• Exploiting tweet sentiments in altmetrics large-scale data

      Hassan, Saeed-Ul; Aljohani, Naif Radi; Iqbal Tarar, Usman; Safder, Iqra; Sarwar, Raheem; Alelyani, Salem; Nawaz, Raheel (SAGE, 2021-12-31)
      This article aims to exploit social exchanges on scientific literature, specifically tweets, to analyse social media users' sentiments towards publications within a research field. First, we employ the SentiStrength tool, extended with newly created lexicon terms, to classify the sentiments of 6,482,260 tweets associated with 1,083,535 publications provided by Altmetric.com. Then, we propose harmonic means-based statistical measures to generate a specialized lexicon, using positive and negative sentiment scores and frequency metrics. Next, we adopt a novel article-level summarization approach to domain-level sentiment analysis to gauge the opinion of social media users on Twitter about the scientific literature. Last, we propose and employ an aspect-based analytical approach to mine users' expressions relating to various aspects of the article, such as tweets on its title, abstract, methodology, conclusion, or results section. We show that research communities exhibit dissimilar sentiments towards their respective fields. The analysis of the field-wise distribution of article aspects shows that in Medicine, Economics, Business & Decision Sciences, tweet aspects are focused on the results section. In contrast, Physics & Astronomy, Materials Sciences, and Computer Science these aspects are focused on the methodology section. Overall, the study helps us to understand the sentiments of online social exchanges of the scientific community on scientific literature. Specifically, such a fine-grained analysis may help research communities in improving their social media exchanges about the scientific articles to disseminate their scientific findings effectively and to further increase their societal impact.
    • Webometrics: evolution of social media presence of universities

      Sarwar, Raheem; Zia, Afifa; Nawaz, Raheel; Fayoumi, Ayman; Aljohani, Naif Radi; Hassan, Saeed-Ul (Springer Science and Business Media LLC, 2021-01-03)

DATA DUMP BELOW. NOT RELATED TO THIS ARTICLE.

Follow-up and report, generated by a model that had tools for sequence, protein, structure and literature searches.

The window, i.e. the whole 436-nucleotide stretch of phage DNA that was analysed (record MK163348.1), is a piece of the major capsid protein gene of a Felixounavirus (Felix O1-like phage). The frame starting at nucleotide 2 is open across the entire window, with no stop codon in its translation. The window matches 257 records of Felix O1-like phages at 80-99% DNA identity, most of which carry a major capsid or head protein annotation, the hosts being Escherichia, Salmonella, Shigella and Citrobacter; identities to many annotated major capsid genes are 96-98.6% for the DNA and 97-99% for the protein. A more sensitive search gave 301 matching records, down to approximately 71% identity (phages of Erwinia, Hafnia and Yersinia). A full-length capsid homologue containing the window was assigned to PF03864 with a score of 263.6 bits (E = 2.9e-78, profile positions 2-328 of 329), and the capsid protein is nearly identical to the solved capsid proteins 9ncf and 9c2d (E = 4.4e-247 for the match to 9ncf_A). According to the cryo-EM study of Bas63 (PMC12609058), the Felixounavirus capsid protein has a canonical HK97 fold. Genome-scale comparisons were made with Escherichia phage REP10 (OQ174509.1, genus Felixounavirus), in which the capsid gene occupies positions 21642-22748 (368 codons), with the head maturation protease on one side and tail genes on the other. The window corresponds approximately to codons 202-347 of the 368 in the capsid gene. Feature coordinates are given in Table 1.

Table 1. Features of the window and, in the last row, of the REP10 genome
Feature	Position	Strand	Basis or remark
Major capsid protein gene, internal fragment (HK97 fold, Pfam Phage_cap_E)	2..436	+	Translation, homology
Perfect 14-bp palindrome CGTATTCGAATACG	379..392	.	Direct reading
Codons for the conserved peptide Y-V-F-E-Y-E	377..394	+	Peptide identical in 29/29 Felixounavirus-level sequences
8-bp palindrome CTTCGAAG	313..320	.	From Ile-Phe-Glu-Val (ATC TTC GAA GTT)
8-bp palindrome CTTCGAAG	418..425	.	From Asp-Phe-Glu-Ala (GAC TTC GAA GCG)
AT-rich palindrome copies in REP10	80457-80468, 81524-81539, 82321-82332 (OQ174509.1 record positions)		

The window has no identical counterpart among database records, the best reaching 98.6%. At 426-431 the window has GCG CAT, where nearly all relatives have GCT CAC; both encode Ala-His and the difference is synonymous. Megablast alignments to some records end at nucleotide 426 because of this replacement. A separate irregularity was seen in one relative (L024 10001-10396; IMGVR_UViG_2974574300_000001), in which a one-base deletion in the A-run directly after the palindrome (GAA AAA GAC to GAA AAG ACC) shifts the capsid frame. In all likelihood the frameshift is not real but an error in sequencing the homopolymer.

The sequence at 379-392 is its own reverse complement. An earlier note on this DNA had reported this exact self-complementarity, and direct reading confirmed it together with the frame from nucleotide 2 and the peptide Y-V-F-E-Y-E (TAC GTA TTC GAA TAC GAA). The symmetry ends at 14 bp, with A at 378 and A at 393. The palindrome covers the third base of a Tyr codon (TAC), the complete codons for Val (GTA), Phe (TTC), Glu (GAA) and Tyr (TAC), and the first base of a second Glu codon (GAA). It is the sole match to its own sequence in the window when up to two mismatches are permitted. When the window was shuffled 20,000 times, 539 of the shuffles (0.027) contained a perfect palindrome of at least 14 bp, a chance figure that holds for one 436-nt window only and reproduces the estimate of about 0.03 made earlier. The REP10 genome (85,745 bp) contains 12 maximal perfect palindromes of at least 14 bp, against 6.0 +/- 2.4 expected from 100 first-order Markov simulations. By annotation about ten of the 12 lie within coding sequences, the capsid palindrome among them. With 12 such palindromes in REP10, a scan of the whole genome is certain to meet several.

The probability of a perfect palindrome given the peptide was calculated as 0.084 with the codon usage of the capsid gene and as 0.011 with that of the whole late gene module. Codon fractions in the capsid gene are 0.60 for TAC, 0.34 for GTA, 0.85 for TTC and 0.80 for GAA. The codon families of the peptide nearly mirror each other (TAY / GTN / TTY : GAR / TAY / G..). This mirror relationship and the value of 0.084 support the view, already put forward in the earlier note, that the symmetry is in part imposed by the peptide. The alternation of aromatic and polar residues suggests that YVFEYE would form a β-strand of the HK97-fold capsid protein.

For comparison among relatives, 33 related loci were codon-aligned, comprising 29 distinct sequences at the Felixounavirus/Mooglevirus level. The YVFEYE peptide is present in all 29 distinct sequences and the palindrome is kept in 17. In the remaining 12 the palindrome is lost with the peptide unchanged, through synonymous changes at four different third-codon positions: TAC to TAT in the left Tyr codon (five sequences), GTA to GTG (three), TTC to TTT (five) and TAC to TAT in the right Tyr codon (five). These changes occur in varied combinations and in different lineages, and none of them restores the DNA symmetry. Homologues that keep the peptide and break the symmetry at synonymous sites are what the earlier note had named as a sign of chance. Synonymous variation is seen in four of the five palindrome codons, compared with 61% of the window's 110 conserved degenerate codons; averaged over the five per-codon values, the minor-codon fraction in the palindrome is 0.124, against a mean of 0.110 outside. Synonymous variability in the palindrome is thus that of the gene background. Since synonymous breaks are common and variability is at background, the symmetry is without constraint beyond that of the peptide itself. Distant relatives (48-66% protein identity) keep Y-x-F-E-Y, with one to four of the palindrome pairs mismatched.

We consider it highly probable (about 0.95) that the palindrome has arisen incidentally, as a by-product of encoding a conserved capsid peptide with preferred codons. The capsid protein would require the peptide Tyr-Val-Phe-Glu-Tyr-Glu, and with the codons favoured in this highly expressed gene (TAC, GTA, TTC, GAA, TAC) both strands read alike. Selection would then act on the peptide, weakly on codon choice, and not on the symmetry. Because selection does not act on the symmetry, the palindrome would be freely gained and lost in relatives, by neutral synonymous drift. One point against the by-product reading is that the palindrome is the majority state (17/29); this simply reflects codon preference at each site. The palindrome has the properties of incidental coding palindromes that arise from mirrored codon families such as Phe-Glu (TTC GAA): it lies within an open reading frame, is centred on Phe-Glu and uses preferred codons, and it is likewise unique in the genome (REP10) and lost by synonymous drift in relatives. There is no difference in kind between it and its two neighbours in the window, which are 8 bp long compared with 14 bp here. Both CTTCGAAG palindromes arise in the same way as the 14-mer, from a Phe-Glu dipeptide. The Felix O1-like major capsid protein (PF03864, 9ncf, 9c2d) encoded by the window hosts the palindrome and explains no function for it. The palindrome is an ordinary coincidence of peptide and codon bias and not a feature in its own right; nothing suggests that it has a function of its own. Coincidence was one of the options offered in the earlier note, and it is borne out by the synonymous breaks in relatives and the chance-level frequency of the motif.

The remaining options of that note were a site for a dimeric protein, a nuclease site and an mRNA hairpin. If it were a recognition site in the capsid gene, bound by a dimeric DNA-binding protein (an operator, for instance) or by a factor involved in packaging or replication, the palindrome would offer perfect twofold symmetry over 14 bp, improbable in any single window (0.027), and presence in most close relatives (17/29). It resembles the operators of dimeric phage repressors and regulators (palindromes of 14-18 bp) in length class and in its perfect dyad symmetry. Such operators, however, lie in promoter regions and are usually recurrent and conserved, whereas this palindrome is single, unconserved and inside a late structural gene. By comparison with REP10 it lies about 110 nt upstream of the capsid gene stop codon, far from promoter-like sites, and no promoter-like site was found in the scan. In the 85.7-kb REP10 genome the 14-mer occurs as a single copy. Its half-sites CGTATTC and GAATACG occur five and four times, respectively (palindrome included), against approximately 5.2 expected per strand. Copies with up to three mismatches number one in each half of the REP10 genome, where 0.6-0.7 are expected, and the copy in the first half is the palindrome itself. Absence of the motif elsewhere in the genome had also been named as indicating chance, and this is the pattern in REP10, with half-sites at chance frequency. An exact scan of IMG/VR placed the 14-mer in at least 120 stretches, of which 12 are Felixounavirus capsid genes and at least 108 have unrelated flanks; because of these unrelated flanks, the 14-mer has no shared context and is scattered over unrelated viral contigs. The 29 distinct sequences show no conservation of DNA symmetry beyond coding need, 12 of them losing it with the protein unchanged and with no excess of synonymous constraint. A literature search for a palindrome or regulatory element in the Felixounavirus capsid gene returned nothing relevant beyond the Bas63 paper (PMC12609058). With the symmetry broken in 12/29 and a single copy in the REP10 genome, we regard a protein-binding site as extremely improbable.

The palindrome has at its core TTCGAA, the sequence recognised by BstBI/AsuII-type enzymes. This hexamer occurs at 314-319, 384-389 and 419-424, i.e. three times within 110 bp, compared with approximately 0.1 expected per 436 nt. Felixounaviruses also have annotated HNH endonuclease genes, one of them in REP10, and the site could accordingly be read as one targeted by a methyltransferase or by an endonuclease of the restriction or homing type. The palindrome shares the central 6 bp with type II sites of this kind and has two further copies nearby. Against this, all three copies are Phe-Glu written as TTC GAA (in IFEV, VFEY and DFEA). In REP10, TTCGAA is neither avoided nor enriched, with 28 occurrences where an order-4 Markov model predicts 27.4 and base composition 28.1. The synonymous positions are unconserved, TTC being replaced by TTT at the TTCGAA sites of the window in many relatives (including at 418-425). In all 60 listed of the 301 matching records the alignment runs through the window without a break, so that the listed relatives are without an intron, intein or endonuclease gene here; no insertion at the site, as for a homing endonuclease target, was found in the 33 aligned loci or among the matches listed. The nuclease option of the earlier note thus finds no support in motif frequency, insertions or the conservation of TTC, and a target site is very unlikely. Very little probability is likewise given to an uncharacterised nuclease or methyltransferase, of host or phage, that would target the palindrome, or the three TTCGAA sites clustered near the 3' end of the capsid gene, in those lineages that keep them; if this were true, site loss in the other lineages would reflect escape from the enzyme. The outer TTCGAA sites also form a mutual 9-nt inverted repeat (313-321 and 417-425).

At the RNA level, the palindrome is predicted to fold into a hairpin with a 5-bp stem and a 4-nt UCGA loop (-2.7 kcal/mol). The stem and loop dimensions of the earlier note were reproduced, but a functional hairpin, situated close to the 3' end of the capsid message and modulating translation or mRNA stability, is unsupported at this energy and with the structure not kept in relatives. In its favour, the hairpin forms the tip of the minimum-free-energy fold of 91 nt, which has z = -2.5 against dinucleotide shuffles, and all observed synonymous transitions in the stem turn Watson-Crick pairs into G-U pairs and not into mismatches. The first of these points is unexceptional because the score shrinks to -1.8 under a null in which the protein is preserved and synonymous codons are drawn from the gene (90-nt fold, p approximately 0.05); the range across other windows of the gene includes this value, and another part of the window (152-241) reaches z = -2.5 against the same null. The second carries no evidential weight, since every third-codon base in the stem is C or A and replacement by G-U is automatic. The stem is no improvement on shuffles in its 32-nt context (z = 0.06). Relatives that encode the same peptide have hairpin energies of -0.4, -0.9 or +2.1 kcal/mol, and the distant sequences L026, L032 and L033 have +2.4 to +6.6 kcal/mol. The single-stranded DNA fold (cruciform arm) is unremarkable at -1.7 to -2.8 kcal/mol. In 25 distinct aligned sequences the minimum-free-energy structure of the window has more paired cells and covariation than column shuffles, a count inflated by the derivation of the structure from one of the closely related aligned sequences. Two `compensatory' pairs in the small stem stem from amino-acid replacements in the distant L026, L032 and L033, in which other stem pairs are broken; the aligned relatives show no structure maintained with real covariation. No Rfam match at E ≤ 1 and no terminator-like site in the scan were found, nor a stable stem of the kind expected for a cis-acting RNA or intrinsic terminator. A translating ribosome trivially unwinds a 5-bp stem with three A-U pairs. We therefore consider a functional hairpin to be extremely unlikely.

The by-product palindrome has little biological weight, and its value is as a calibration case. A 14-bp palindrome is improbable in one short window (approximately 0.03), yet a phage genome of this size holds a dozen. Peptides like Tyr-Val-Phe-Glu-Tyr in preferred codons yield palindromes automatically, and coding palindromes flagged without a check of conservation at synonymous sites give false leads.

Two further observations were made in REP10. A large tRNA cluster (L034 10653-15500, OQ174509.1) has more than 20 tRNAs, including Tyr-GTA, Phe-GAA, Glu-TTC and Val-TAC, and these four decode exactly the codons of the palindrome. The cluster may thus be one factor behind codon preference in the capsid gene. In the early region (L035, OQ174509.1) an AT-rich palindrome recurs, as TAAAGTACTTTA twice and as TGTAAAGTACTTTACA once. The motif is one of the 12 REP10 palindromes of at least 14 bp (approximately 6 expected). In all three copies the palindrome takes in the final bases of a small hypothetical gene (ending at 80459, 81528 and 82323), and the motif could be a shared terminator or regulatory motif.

This paper aims at an important task of computing the webometrics university ranking and investigating if there exists a correlation between webometrics university ranking and the rankings provided by the world prominent university rankers such as QS world university ranking, for the time period of 2005–2016. However, the webometrics portal provides the required data for the recent years only, starting from 2012, which is insufficient for such an investigation. The rest of the required data can be obtained from the internet archive. However, the existing data extraction tools are incapable of extracting the required data from internet archive, due to unusual link structure that consists of web archive link, year, date, and target links. We developed an internet archive scrapper and extract the required data, for the time period of 2012–2016. After extracting the data, the webometrics indicators were quantified, and the universities were ranked accordingly. We used correlation coefficient to identify the relationship between webometrics university ranking computed by us and the original webometrics university ranking, using the spearman and pearson correlation measures. Our findings indicate a strong correlation between ours and the webometrics university rankings, which proves that the applied methodology can be used to compute the webometrics university ranking of those years for which the ranking is not available, i.e., from 2005 to 2011. We compute the webometrics ranking of the top 30 universities of North America, Europe and Asia for the time period of 2005–2016. Our findings indicate a positive correlation for North American and European universities, but weak correlation for Asian universities. This can be explained by the fact that Asian universities did not pay much attention to their websites as compared to the North American and European universities. The overall results reveal the fact that North American and European universities are higher in rank as compared to Asian universities. To the best of our knowledge, such an investigation has been executed for the very first time by us and no recorded work resembling this has been done before.